Molecular genetic analysis in 14 czech kabuki syndrome patients is confirming the utility of phenotypic scoring. J Paděrová; A Holubová; M Simandlová; A Puchmajerová; M Vlčková; M Malíková; R Pourová; S Vejvalková; M Havlovicová; M Šenkeříková; N Ptáková; J Drábová; J Geryk; A Maver; A Křepelová; M Macek.
Date: February 2016.
Source: Clinical Genetics. The International Journal of Genetics, Molecular, and Personalized Medicine.
Abstract: Kabuki syndrome (KS) is a dominantly inherited disorder mainly due to de novo pathogenic variation in KMT2D or KDM6A genes. Initially, a representative cohort of 14 Czech cases with clinical features suggestive of KS was analyzed by experienced clinical geneticists in collaboration with other specialties, and observed disease features were evaluated according to the “MLL2-Kabuki score” defined by Makrythanasis et al. Subsequently, the aforementioned genes were Sanger sequenced and copy number variation analysis was performed by MLPA, followed by genome-wide array CGH testing. Pathogenic variants in KMT2D resulting in protein truncation in 43% (6/14; of which 3 are novel) of all cases were detected, while analysis of KDM6A was negative. MLPA analysis was negative in all instances. One female patient bears a 6.6 Mb duplication of the Xp21.2-Xp21.3 region that is likely disease causing. Subjective KS phenotyping identified predictive clinical features associated with the presence of a pathogenic variant in KMT2D. We provide additional evidence that this scoring approach fosters prioritization of patients prior to KMT2D sequencing. We conclude, that KMT2D sequencing, followed by array CGH, is a diagnostic strategy with the highest diagnostic yield.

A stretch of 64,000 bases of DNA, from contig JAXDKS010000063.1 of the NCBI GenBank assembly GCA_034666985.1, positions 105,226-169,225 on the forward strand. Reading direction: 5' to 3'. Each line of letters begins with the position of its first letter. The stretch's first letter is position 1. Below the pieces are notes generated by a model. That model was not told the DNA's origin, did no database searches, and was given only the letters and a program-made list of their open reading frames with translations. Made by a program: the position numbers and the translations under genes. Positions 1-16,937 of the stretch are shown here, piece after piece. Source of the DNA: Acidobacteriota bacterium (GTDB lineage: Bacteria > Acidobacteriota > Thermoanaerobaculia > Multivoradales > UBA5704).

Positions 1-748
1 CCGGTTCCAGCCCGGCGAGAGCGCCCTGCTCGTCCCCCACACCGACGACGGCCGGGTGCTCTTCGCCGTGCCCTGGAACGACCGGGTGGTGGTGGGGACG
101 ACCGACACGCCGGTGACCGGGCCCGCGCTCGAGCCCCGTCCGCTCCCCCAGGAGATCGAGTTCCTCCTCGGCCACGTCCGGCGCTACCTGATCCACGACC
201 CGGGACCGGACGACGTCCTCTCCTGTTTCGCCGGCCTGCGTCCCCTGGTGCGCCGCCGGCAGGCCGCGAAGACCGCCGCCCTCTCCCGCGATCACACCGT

Article: Molecular genetic analysis in 14 czech kabuki syndrome patients is confirming the utility of phenotypic scoring.
Authors: J Paděrová; A Holubová; M Simandlová; A Puchmajerová; M Vlčková; M Malíková; R Pourová; S Vejvalková; M Havlovicová; M Šenkeříková; N Ptáková; J Drábová; J Geryk; A Maver; A Křepelová; M Macek. Department of Biology and Medical Genetics, Charles University Prague, Second Faculty of Medicine and University Hospital Motol, Prague, Czech Republic.